Waiting 10 years to record its debut certainly paid off for The Faux Paws.
Andrew VanNorstrand (vocals, guitar, fiddle), his brother Noah VanNorstrand (vocals, fiddle, guitar, mandolin, feet percussion) and Chris Miller (vocals, sax, banjo) traveled all across America on their own, and as members of the upstate New York contra dance band Great Bear and other ensembles. All the while they honed a unique, captivating style. And by that, they’ve delivered a sparkling, 11 out of 11 winners of an album.
An abundance of sweet violin fills the enchanting grooves they create, but these boys didn’t set out to simply fiddle around. Instead, they mix folk, bluegrass and soul organically, as if destined to pull off the brew flawlessly.
Right away in “The Fourth Decade,” featuring Noah on fiddle and Andrew and Chris on banjos, there’s wonderment in the fluttering and sweeping rhythmic patterns. The song envelops the listener, and sets up the unlikely “She’s Not Looking for You.” In that, Andrew sings, in a voice full of innocence, of every man’s fears about being attracted to a lady and finding out quickly that he doesn’t have a chance. Catchy strums of acoustic guitar kick the song off into Eagles territory, but it quickly takes flight on Celtic and ‘grass-tinged wings. Miller’s muted, soulful sax playing offsets the VanNorstrands’ delicate picking and the guest rhythm section (who play throughout the album), and illustrates the warmth, skipping heart, and ultimate heartbreak of the moment. In days past, this beautiful song would have been a massive hit.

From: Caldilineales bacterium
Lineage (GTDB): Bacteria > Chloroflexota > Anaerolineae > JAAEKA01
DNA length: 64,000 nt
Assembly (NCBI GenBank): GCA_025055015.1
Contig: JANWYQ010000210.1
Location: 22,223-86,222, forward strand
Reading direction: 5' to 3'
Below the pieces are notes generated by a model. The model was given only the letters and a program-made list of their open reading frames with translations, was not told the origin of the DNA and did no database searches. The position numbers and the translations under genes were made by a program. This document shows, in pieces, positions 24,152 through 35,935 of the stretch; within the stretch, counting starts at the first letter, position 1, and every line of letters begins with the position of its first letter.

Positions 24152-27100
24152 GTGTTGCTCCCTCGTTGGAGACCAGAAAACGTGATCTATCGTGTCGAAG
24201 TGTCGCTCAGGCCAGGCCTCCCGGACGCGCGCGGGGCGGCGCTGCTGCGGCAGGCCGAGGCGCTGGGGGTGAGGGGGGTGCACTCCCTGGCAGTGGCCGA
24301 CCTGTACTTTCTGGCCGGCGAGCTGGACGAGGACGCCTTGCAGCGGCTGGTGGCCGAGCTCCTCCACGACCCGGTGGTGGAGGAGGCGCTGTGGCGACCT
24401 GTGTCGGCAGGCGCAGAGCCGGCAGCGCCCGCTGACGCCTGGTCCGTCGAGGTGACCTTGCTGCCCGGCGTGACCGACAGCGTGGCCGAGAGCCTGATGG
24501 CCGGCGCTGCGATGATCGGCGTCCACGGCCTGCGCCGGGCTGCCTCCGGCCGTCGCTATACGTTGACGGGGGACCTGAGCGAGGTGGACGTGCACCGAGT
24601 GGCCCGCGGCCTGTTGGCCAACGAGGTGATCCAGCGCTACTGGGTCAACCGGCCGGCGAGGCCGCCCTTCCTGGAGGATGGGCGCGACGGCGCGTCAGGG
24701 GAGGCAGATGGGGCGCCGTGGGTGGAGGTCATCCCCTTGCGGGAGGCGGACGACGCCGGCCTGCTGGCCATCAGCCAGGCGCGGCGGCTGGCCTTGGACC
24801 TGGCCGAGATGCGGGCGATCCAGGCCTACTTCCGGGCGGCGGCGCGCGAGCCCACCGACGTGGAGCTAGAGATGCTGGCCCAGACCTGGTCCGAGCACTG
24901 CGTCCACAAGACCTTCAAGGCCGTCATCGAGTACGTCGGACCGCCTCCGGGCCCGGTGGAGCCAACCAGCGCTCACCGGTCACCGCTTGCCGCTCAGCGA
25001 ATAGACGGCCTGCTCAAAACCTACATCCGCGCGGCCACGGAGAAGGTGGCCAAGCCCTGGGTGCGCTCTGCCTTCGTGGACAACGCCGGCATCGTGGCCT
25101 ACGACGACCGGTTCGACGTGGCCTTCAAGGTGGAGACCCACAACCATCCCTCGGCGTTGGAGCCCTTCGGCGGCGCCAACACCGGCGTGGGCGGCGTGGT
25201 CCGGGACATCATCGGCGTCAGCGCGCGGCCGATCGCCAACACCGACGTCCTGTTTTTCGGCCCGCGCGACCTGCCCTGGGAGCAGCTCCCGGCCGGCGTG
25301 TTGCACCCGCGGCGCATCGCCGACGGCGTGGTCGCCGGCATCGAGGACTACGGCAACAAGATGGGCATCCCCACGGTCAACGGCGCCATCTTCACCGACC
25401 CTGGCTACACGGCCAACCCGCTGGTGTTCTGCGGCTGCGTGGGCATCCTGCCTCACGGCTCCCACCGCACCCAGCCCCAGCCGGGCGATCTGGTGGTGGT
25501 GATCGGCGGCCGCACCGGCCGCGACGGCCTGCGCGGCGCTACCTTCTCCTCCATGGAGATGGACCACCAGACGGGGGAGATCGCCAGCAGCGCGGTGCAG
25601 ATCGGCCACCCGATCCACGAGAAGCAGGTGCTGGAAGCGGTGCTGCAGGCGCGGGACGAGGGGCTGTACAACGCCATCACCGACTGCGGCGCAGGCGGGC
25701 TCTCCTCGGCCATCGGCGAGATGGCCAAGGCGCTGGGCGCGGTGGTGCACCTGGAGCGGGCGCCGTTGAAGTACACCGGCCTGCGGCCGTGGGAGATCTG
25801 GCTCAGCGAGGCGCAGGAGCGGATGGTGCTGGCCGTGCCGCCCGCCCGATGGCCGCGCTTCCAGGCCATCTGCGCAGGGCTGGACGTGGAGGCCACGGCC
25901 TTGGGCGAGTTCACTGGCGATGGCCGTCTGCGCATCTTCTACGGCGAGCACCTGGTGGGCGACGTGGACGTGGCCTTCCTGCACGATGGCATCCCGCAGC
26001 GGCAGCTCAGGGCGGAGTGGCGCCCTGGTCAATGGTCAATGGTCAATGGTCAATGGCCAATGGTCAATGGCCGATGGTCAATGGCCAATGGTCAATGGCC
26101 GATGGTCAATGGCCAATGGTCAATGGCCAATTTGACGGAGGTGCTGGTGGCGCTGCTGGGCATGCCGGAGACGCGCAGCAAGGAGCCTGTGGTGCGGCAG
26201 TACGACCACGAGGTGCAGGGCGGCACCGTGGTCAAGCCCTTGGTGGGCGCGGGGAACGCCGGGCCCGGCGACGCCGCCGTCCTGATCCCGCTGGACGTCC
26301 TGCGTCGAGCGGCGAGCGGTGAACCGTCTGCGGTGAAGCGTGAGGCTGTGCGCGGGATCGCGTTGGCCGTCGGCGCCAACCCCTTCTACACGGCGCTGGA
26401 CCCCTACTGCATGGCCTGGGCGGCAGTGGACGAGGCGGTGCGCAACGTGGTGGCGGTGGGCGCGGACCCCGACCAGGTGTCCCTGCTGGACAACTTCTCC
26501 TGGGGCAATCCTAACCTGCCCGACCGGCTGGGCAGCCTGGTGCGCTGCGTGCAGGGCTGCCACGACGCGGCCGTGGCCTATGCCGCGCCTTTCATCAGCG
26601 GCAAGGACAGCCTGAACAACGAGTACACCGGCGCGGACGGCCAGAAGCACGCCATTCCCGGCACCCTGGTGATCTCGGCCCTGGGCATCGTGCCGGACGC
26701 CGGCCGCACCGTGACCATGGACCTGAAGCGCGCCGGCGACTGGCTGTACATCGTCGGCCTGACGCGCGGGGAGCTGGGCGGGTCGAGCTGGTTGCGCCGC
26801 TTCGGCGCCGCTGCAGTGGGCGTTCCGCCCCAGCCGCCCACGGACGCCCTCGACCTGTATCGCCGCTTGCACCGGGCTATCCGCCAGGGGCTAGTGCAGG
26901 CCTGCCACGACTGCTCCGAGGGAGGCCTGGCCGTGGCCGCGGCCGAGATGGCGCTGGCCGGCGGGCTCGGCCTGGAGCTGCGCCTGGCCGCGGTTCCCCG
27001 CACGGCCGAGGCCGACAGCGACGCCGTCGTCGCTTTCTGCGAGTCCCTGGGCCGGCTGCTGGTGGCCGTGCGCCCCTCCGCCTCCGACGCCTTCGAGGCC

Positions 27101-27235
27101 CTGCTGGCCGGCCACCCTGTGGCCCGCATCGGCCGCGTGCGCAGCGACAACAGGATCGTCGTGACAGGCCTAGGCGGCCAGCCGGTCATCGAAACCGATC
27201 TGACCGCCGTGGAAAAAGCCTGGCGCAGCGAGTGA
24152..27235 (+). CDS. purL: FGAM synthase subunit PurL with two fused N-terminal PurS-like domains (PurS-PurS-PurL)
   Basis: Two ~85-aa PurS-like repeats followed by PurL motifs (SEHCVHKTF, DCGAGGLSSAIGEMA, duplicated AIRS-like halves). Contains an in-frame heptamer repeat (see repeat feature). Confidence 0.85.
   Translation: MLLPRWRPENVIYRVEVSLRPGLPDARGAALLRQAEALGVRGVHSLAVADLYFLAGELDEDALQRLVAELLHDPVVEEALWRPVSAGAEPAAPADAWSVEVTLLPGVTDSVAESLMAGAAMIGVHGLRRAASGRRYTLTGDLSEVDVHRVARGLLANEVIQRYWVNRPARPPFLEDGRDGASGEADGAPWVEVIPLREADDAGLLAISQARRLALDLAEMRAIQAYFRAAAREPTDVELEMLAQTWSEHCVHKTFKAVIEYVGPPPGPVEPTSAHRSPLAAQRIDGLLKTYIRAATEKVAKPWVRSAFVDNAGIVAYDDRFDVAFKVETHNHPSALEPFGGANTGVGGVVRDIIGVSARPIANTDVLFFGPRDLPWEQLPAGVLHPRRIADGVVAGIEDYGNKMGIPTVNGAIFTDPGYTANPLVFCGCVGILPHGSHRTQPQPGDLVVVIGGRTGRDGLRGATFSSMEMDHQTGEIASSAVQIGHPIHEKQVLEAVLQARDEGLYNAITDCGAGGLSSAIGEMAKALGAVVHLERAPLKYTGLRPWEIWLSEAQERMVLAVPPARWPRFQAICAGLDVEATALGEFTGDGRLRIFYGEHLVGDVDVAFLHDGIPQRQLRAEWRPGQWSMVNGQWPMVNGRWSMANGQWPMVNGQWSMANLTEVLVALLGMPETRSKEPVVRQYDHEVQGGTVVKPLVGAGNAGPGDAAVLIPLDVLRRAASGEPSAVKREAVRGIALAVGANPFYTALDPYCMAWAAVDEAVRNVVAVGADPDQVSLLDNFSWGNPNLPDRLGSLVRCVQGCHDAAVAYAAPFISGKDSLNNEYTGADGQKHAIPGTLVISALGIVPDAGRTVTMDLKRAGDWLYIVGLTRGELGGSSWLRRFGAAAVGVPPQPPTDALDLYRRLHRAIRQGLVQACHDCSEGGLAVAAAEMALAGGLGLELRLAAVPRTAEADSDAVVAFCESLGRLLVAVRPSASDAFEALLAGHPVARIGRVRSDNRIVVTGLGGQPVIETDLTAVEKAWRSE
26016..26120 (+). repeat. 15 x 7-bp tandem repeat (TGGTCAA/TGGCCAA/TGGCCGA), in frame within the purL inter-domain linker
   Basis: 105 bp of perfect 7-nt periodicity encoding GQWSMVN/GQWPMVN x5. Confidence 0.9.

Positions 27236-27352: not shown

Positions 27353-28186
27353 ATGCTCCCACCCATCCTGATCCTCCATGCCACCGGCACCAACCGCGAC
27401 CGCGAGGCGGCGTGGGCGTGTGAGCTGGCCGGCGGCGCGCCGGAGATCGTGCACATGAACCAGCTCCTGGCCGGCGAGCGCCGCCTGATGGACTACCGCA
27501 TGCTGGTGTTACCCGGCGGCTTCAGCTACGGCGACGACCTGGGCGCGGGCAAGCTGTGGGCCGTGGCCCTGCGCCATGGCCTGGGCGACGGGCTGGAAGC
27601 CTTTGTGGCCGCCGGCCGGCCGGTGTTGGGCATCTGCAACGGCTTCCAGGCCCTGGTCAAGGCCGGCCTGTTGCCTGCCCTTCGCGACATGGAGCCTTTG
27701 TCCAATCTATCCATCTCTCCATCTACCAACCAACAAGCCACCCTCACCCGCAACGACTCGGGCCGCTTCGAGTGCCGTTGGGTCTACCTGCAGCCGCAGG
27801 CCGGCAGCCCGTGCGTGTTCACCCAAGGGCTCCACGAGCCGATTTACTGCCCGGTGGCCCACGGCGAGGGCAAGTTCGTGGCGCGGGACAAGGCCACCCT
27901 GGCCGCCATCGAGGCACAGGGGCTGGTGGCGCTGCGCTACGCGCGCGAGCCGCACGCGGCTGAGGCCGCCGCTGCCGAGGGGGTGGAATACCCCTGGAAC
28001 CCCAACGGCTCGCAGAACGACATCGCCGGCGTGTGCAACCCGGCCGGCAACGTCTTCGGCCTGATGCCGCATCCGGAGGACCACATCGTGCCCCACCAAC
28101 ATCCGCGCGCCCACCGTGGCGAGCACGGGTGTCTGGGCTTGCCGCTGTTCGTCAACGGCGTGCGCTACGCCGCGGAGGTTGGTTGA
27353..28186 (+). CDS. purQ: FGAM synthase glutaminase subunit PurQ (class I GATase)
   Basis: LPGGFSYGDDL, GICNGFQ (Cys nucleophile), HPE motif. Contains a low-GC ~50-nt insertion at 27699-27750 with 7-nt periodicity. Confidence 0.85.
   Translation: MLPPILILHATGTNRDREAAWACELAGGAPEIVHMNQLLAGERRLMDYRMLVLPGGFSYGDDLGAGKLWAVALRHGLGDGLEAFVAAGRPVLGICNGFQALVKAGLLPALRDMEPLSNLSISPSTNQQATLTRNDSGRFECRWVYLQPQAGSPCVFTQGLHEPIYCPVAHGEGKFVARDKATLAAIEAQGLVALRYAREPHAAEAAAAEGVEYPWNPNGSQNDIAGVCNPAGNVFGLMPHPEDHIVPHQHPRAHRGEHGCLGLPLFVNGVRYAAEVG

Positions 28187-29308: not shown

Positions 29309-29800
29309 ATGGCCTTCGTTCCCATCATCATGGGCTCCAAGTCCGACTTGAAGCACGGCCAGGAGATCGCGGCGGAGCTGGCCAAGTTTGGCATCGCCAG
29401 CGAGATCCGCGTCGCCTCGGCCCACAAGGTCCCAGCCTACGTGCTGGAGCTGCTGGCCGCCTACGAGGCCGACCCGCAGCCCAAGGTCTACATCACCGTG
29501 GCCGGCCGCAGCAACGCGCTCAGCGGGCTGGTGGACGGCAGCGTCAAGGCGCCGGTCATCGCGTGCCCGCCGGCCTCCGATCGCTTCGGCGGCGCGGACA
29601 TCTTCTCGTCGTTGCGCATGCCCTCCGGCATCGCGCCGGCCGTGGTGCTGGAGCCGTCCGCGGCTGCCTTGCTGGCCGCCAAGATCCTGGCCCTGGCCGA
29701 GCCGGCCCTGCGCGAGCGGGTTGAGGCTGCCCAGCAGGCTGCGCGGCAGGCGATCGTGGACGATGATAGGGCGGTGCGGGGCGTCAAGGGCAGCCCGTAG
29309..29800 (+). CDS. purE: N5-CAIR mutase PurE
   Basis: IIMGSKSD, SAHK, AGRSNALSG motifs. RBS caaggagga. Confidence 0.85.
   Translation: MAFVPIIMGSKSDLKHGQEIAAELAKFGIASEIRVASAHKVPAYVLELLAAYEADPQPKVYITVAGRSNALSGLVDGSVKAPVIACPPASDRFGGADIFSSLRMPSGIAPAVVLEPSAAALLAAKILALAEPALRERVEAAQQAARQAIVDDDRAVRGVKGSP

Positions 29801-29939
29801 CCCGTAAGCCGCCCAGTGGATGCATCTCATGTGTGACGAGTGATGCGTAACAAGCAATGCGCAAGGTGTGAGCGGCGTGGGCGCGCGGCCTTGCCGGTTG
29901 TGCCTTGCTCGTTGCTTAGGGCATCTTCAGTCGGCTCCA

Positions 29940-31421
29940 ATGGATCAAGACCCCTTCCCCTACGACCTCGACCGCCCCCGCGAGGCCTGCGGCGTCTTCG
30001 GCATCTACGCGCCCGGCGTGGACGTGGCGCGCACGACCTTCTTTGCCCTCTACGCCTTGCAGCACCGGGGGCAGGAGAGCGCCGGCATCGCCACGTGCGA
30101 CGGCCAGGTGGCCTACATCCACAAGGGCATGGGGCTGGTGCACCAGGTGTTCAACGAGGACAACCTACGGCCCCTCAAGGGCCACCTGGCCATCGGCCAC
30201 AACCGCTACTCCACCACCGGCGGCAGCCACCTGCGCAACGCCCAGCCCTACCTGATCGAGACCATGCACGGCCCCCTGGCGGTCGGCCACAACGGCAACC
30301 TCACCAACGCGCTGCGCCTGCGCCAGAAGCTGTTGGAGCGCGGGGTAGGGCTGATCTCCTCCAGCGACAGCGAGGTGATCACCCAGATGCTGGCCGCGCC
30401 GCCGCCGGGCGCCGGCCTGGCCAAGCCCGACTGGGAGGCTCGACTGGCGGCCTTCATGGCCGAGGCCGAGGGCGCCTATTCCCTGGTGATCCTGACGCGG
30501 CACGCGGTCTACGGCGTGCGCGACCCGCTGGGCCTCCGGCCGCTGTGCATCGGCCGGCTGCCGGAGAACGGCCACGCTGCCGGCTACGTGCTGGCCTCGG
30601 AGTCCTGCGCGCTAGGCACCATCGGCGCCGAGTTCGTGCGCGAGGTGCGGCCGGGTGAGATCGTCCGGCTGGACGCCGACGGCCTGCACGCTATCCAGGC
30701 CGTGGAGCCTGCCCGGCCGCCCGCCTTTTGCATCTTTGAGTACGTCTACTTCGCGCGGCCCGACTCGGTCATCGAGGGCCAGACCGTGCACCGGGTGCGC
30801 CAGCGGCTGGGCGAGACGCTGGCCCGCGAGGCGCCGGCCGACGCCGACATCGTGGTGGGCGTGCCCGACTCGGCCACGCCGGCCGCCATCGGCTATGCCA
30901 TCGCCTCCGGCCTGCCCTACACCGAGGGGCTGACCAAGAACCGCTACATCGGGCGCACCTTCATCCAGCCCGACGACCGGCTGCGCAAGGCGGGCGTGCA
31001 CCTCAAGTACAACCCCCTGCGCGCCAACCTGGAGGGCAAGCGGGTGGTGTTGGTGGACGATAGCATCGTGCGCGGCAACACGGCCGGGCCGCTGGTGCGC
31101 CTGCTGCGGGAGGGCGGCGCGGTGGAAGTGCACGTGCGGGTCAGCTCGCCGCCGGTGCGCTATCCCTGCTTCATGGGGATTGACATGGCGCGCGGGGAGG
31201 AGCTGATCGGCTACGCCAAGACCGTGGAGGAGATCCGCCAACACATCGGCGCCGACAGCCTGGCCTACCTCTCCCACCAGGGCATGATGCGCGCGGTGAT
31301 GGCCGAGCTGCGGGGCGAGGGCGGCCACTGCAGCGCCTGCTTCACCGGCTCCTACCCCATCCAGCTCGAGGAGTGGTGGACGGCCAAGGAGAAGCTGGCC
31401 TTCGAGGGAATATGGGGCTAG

Those feelings of unrequited love, as well as settings in places as far-flung as Montauk Point, the Virginia hills, and the Great Lakes, are the subjects and canvases for these stunning paintings of life close to home; a life we’re all rambling through. “Racing the Sun,” with its old-time vaudeville vibe, celebrates perseverance and hope. “Guacmaster” paints the scene of folks happily dancing around the kitchen, creating the perfect recipe. “Dirt Nap” feels like waking up from one, jumping and shaking off the spiders and snakes.
Imaginative instrumentals are interspersed among the inspiring vocal tunes, each and every one taking on a persona, and compelling the listener to stay until the end. The band’s play-on-a-phrase moniker (bear paws, perhaps?) works as both tongue-in-cheek humor and to draw attention to exactly what they aren’t. There is nothing artificial, nothing embarrassing or tactless for miles around this music. This trio obviously loves what its doing, and is expert at it. The Faux Paws play fresh, fully realized, head, heart and hand-made rhythm and groove music of the highest order.
- Faux Paws
Label: Great Bear Records
Release: Friday, Aug. 27